Video: A Father's Mission

NBC Universal Anchors and Correspondents
By Keith Morrison Correspondent
Dateline NBC
updated 5/25/2009 9:36:26 PM ET 2009-05-26T01:36:26

Paul Crotts knows all about unintended consequences.  He’s been creating them, living with them, trying to un-do them, for decades now.  The story he has so generously allowed us all to explore bristles with consequences and Paul’s mighty effort to control them.

I sat with him in the furniture store he and his father have run for more than 60 years. It’s a rambling, single-story structure, cobbled together from several small old-fashioned buildings and filled with a crazy quilt of the furniture styles on offer from America’s few remaining factories.  I sat there and I looked out the window and across the main square of Graham, N.C., at the looming bulk of the most impressive building in town.  It is the nearly 100-year-old courthouse that has been the battleground and the symbol of so many of those troublesome consequences Paul has been trying to control.  All day, everyday, he must look at that building and wonder what he might have done differently. (That is what found myself thinking, listening to him, looking at the courthouse, sitting there on the arm of a brown leather sofa).

I drove with Paul along curving blacktop through green rolling pastureland to his red brick house in an upscale suburban development.  He showed me an old picture: Paul in his bodybuilding days, all rippling muscles, massive chest.  That chest has sunk a little now.  I sat with him in his living room and looked outside as night fell.   There, in the dark, was the spot (he pointed it out) where the worst imaginable consequence was so narrowly averted.  He must look at that everyday, too. 

I turned left at the end of Paul’s street and drove for a mile through more green hills.  It is truly beautiful here.  Paul pointed across a meadow to a very large and quite old farmhouse, white clapboard, well tended.   A murder-suicide happened there quite recently, he told me.  A respected elderly couple. There had been an illness.  Consequences now rippling through another family, or whole series of families.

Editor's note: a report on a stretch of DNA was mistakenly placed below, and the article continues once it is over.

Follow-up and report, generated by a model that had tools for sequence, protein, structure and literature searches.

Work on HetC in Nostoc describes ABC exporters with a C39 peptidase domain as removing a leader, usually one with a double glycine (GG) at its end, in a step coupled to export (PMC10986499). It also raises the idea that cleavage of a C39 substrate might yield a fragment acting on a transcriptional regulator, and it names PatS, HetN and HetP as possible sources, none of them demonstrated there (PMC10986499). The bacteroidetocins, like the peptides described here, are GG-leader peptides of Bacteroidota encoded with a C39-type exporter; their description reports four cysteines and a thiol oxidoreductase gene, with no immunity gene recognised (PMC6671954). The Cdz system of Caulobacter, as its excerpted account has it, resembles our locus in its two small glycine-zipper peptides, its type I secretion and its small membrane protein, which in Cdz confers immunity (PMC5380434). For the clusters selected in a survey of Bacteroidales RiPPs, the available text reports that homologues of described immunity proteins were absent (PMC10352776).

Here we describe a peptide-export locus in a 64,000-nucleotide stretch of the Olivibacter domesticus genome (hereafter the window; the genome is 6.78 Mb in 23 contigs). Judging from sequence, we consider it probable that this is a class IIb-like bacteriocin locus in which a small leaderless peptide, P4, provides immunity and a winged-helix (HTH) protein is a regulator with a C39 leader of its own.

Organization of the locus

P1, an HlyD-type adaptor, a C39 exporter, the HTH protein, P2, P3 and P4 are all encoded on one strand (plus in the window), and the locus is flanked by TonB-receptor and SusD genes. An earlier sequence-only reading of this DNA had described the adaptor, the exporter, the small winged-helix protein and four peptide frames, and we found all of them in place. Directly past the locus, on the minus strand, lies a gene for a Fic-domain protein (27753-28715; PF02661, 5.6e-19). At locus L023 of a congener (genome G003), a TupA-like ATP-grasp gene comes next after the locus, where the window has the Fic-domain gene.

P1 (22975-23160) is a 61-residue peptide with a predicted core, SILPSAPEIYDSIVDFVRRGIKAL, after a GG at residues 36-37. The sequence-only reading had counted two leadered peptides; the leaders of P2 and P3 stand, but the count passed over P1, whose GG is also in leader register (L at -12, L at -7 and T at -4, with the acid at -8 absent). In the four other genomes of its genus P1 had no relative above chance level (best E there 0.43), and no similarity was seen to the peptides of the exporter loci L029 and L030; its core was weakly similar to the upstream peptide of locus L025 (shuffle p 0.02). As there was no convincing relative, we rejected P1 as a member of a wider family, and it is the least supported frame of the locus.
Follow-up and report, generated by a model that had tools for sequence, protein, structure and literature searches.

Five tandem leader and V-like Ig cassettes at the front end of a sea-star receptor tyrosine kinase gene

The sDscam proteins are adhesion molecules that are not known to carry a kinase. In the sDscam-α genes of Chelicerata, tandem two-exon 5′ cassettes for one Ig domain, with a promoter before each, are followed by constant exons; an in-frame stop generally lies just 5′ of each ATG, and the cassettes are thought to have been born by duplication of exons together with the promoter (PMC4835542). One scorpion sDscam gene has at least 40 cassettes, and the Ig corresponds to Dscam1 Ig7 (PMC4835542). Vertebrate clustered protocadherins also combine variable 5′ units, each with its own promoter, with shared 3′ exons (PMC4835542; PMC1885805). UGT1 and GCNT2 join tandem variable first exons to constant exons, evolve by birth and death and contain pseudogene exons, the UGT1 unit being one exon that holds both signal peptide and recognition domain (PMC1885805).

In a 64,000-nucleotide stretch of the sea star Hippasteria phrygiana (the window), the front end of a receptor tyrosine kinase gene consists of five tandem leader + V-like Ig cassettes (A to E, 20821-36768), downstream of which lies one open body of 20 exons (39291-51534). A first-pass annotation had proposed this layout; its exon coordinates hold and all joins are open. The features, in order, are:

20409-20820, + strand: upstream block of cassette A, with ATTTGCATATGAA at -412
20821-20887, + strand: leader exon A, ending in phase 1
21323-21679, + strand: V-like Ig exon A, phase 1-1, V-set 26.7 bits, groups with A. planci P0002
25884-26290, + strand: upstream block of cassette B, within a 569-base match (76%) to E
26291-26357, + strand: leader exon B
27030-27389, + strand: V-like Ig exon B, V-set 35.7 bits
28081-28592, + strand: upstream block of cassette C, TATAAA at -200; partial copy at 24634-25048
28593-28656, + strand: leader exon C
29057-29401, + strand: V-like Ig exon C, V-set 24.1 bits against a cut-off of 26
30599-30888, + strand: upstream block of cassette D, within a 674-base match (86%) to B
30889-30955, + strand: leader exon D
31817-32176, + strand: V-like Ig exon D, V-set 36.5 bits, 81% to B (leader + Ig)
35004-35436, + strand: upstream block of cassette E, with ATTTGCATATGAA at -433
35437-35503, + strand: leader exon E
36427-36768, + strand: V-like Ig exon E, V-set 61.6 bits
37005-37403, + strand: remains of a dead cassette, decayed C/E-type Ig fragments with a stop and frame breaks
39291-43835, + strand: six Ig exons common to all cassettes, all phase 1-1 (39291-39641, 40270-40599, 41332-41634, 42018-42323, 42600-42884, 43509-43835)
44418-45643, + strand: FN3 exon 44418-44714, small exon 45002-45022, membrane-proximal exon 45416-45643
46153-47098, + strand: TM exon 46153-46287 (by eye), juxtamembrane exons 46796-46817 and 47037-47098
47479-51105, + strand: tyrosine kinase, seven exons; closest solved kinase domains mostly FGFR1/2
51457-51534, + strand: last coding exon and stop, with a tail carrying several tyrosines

I followed directions, drove a little farther and then turned in through an open gate to Paul’s horse farm.  In the stable I looked at photos of the life Paul has pursued when he is not fully engaged with his own difficult circle of consequences.  In the pictures, he stood proudly with his prize-winning horses, like a man in the prime of a charmed life.

His son was there, Mark. As quiet as Paul is vocal.  A quiet man, eager to please, if I wasn’t mistaken, and eager also to leave all those sad days, those terrifying days, behind.  I sat with him on a rough wooden bench, breathed in the aroma of contented horses, and listened to Mark Crott’s soft-spoken longing for a peaceful life, beyond the reach of legal drama.

A few weeks later, producer Liz Brown and I drove to an all-night restaurant where we sat at a booth in a far corner with the investigator who has worked with Paul, on and off, for many years. He did not come to eat.  He looked at us with wary eyes that seemed to ask: Can you understand what’s going on here?

We visited the new sheriff, a savvy man with an open face and a quick southern humor. We talked of failed investigations, flawed prosecutions, long-sought justice, the relative value of a polygraph.

We learned that in a story of unintended consequences, it’s wise to be careful what you wish for.

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